“JOHN, THERE'S, UH, A GUY YOU NEED TO COME SEE see in the sanctuary. I think he’s angry or upset or something.” Hearing these words on a Sunday morning while I sat in my office preparing for worship meant one thing: Someone needed money. One of the hazards (or opportunities) of working in a downtown church was that the steeple and columns out front signaled to people that they should drop in when they needed a few dollars. I became the go-to minister on staff to greet these visitors.
I heard the man before I saw him. His sobs were audible over the only other noise in the space, the women arranging flowers for our 10:30 a.m. service. He was seated in the next-to-last row of the opulent sanctuary built in 1924. White and in his 40s, the man looked put-together but sweaty, his denim jacket well-worn. I introduced myself, told him I was glad he’d come to our church that morning, and asked if there was anything I could do for him. The man—I’ll call him James—told a familiar story: He’d arrived from out of town, didn’t know anyone in Winston-Salem, and was currently living at a shelter down the street. “I just don’t know what I’m going to do. I’m desperate,” he said at a volume that caught the attention of the flower arrangers. “I need some money for a bus pass and I’ve got to find work. I don’t know why God would do this to me.”
“This,” he said pointing to the piece of paper in his hand, “this is all I want. How can I get this?” He was holding a flyer for our discontinued financial literacy class. I told him we no longer offered the class and didn’t have any funds available for assistance.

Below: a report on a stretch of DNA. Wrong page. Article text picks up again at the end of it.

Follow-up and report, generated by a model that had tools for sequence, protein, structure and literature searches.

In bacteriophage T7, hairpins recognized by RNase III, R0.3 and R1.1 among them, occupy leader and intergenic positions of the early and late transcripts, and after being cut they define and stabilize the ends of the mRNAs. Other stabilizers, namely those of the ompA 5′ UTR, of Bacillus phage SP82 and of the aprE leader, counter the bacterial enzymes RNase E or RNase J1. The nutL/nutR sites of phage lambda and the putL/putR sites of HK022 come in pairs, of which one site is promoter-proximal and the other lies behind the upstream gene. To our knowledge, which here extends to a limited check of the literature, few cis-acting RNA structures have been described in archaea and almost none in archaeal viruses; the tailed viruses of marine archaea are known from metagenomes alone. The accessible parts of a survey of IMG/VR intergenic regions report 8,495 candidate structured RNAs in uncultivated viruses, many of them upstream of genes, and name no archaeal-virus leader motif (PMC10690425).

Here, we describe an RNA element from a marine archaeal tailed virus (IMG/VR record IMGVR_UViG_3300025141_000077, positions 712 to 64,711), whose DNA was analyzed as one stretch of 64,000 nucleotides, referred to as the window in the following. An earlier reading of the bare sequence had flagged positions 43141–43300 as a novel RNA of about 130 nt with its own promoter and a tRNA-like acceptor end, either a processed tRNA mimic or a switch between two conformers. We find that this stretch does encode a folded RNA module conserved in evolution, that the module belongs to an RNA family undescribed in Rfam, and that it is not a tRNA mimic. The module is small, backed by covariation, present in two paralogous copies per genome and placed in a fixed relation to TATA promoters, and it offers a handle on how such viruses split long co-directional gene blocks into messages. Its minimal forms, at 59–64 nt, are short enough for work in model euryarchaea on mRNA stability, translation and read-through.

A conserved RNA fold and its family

I drive a car, go on vacation, and eat at restaurants with friends. I have health insurance, a bank account, and a job. I knew I ought to help the man, but I didn’t. Our church’s policies around requests of this kind required more oversight than I could give at that moment, and my mind drifted to the other duties I had that morning. I invited him to stay for worship and told him if he came back later in the week, I might be able to refer him to some agencies that could help.
James stayed for the service, sobbing quietly on occasion. In the months that followed, I saw him around downtown, but never again in the sanctuary. I felt disappointed for failing to offer help, for getting caught between conviction and institutional responsibility. As someone who works in ministry, often with poor people, I’ve learned to live with that feeling to get through my work. Yet I don’t want to make peace with that feeling; doing so would be giving up too easily.
Consider the moth
That the United States is a country of inequality is no secret. In 2011, Occupy Wall Street put financial inequality on the cultural and political map, and it has not left since. But having inequality on our political and cultural map is one thing; figuring out what to do about it in our own lives is another.
According to scripture, economic inequality is sinful. The prophets continually warn Israel that exploitation of the poor warrants God’s judgment. Jesus—raised on his mother’s song about God lifting up the lowly and casting down the mighty—announces good news for the poor. But as Christians called to a life of faithful discipleship, what does that mean for those of us who have money in our bank accounts, perhaps even a 401(k), when there’s a desperate person sitting in the sanctuary?
In Matthew 19:16-22, Jesus seems to offer a clear answer to this dilemma. Approached by a young man with “many possessions” who wants to know what he ought to do to more fully love God and his neighbor, Jesus offers instructions that have unsettled Christians for millennia: Sell all you have, give the proceeds to the poor, and follow me.